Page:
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Politics & Government

Two Bills Could Change What Pennsylvania Classifies As A Hate Crime

Kathleen J. Davis
90.5 WESA
Rep. Dan Frankel at a press conference on Monday, Aug. 21, 2017, surrounded by a number of Pittsburgh's religious and community leaders.

In the wake of Charlottesville, a Pennsylvania lawmaker wants to extend what qualifies as a hate crime in the commonwealth.

Senate Bill 96 and House Bill 505 would extend existing hate crime protections to victims facing intimidation based on actual or perceived ancestry, sexual orientation, gender identity and disability. 

Pennsylvania's current hate crime law protects individuals based only on their race, religion and country of origin. Representative Dan Frankel (D-Allegheny County) said these bills should be a priority after Charlottesville, noting "no group was left untouched" by the vitriol of the "Unite the Right" demonstration.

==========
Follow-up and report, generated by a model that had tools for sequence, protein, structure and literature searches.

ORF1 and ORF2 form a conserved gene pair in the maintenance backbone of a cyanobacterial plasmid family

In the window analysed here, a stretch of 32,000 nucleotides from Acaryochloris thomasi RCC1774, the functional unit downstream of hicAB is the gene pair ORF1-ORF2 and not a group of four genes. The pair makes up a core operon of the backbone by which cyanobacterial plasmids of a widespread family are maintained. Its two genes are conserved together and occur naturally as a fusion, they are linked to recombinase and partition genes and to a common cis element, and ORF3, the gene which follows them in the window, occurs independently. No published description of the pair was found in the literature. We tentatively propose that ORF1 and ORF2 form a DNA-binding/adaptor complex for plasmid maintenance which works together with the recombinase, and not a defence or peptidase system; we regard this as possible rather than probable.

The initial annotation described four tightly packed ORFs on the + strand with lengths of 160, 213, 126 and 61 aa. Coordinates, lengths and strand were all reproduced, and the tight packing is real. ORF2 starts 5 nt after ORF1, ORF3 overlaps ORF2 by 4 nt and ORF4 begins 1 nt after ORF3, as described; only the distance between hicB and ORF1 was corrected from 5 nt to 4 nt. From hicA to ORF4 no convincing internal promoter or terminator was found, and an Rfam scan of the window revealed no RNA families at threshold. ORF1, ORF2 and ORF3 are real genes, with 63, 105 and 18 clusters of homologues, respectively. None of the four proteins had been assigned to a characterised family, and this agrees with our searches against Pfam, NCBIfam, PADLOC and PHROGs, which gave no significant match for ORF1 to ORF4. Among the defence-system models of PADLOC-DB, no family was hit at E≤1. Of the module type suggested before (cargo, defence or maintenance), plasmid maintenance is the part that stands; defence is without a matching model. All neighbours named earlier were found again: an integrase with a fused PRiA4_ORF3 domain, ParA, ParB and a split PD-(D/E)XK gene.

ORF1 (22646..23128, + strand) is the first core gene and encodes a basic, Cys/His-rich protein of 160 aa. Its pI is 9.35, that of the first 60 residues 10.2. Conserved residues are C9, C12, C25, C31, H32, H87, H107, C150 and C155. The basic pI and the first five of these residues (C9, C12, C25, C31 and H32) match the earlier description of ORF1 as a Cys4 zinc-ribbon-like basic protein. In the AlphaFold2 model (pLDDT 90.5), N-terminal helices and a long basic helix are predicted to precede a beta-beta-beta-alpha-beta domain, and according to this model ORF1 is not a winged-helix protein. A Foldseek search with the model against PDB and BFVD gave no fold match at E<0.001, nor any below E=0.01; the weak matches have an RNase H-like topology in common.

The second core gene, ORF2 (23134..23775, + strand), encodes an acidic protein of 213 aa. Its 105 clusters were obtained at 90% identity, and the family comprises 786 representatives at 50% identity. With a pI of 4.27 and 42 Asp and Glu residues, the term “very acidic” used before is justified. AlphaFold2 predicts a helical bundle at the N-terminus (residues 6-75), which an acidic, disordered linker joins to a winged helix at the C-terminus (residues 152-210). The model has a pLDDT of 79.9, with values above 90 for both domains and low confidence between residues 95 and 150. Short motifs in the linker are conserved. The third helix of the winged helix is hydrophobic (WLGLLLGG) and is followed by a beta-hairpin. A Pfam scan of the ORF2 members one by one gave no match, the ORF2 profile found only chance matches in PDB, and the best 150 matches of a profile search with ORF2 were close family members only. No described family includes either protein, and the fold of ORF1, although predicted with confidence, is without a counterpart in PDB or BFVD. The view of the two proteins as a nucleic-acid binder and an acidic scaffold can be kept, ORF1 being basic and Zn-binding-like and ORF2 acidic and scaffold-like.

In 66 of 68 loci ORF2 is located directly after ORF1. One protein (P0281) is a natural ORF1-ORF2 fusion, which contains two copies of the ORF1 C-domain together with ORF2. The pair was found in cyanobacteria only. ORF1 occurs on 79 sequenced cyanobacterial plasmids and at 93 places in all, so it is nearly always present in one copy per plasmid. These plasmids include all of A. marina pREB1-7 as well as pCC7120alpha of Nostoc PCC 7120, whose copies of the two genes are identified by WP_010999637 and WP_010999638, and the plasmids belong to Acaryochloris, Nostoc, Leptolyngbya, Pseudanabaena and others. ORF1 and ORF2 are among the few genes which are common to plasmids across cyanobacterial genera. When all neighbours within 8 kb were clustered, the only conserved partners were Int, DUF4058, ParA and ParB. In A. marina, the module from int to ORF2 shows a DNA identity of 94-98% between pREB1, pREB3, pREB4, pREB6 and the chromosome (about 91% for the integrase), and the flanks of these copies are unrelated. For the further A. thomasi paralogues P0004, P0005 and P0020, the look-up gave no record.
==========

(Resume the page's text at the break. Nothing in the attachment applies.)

"We saw a comprehensive expression of hate, so we want a comprehensive reaction to it," Frankel said. " One of the ways to do that is to finally address hate crimes in Pennsylvania in a comprehensive way."

Both bills have been sitting in committee since February, and they've seen no movement since. Frankel urged legislative leaders in Harrisburg to bring the bills to the floor so state leaders can stand by their most marginalized constituents.

"We need to express our concern and outrage in a way that's constructive and makes something happen in our community and state that shows we're tolerant, we're accepting and we will reject acts of hate that we saw in Charlottesville," he said.

Both bills are backed by a bipartisan team of lawmakers.